We’ve dealt with a few cold shoulders in our time so unfazed, the following evening we attended the second group. Here we were met by Warm Welcome’s younger brother Luke Warm Welcome! Not many members had come by bike and several people were sitting nursing pints in civvies so it was quite hard to tell who was in the club or just drinking at the pub. We made ourselves talk to a couple of people and discovered that this group offered not only a raffle but our Holiest of Grail, the weekly RIDE OUT. And it was planned for the following Sunday!

Sunday, first thing, like two kids on Christmas morning we were up, dressed, leather clad and raring to go. The bikers meet at 9 am for a 9.30 am start. A minute past 9am we pulled into the pub car park - which was absolutely empty. We chuckled at how keen we were and waited impatiently, looking up expectantly at every approaching engine sound. Finally, after about 20 minutes, to our relief, two bikes pulled in and we made friends with Brian and John. These two excellent chaps took us under their faring and offered to take us on a ride out to Herne Bay for a spot of breakfast.
It was like a magical mystery tour with a side order of puzzlement. We followed these two gents on their big bikes over hill and dale. Just when we thought we knew the route they were taking, one of them would leave an indicator on for 5 miles keeping us on the edge of our leather seat for a non-existent turn off. But there is no denying the thrill of a group ride out. Following the Leader of the Pack (or whoever volunteers to ride up front): The sense of belonging, the anticipation, the frown of concentration through gravelly, unfamiliar country roads and the little gasps of recognition as the winding route brings us out onto more familiar highways.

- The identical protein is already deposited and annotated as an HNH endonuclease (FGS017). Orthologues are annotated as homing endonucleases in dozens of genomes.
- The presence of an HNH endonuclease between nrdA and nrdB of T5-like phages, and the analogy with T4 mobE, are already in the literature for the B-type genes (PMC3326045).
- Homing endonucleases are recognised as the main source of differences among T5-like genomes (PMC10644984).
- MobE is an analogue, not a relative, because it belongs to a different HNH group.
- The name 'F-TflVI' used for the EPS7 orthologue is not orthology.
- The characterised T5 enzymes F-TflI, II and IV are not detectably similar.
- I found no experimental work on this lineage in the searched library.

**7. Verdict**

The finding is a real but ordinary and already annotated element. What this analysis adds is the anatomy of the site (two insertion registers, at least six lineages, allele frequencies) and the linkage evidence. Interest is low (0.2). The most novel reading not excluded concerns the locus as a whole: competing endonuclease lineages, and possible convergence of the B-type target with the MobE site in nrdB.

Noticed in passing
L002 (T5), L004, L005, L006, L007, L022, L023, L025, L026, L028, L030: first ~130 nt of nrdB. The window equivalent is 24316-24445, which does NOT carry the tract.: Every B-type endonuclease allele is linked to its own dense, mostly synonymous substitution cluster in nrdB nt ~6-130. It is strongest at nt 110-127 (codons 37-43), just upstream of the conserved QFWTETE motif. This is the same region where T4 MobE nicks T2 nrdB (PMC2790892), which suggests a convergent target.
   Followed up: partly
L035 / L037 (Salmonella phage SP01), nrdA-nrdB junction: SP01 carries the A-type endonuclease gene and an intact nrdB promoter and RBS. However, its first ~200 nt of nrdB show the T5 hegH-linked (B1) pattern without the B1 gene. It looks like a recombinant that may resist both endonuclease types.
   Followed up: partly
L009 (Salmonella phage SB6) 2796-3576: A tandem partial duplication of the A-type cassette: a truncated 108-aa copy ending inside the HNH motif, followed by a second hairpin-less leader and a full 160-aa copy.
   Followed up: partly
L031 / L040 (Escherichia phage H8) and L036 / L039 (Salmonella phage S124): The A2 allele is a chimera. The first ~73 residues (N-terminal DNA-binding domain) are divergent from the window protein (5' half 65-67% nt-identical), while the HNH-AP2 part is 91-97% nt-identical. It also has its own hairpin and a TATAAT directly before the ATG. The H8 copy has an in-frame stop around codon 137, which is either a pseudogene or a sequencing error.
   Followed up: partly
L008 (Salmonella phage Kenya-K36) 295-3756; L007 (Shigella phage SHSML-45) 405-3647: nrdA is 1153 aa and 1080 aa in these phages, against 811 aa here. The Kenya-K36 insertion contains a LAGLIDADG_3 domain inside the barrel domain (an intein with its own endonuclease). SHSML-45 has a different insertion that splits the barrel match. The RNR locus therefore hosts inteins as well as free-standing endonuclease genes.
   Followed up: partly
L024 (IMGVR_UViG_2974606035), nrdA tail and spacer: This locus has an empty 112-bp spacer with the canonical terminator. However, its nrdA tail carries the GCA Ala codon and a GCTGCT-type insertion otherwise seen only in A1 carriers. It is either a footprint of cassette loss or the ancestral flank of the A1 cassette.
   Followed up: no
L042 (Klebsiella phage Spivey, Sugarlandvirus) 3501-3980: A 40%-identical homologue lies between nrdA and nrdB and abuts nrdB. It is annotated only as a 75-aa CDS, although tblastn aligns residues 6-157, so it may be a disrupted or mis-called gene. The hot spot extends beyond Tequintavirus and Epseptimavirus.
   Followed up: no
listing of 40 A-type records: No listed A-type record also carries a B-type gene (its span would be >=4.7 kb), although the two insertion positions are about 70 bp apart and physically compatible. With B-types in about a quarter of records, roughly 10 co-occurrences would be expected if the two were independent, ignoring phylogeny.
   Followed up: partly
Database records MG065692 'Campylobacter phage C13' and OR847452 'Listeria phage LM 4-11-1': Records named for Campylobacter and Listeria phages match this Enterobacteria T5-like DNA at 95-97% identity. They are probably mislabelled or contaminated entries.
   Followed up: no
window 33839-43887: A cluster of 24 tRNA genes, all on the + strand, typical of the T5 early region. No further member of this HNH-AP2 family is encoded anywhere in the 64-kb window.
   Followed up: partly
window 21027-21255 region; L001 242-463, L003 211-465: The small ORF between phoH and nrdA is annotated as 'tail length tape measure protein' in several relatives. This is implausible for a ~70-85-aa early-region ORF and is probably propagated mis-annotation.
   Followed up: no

We parked up on the seafront in Herne Bay and got to know our new friends over a Full English. John took the lead on the way home and took us on yet another route back. As we entered our home town we peeled off with a cheery wave having been invited to join them any Sunday for a Ride Out. Holy Grail found, sipped from and booked for every Sunday from now on (weather permitting).

Maybe one day my Steve will be Leader of the Pack.

Friday, 23 September 2016

Returner Riders

Steve and I are returner riders.

As a teenager I would get my friend to drop me home on the back of his bike and stop about 6 houses away from mine so my Dad didn’t hear it. I borrowed a huge helmet which would probably have shot off with a sneeze.

When Steve and I first started dating over 23 years ago, he had a sexy, grey Virago, the approaching sound of which used to fill me with giddy anticipation. We travelled everywhere on it visiting the rellies at weekends. We were always laden with bags, ruck sacks (front and back) and, I am ashamed to say, thought a few extra layers were good enough protection. Ah the invincibility of youth!

Then Steve used a Honda CBR 600 for commuting for a while (with full gear). The responsibility of 2 young children and a daily ride highlighted the need for better safety wear for Steve and meant that I did not really ride pillion at all.

Two decades later a change of circumstances and lifestyle has resulted in a joint mid-life crisis and the purchase of a beautiful, brand new, Caspian blue Triumph Sprint GT.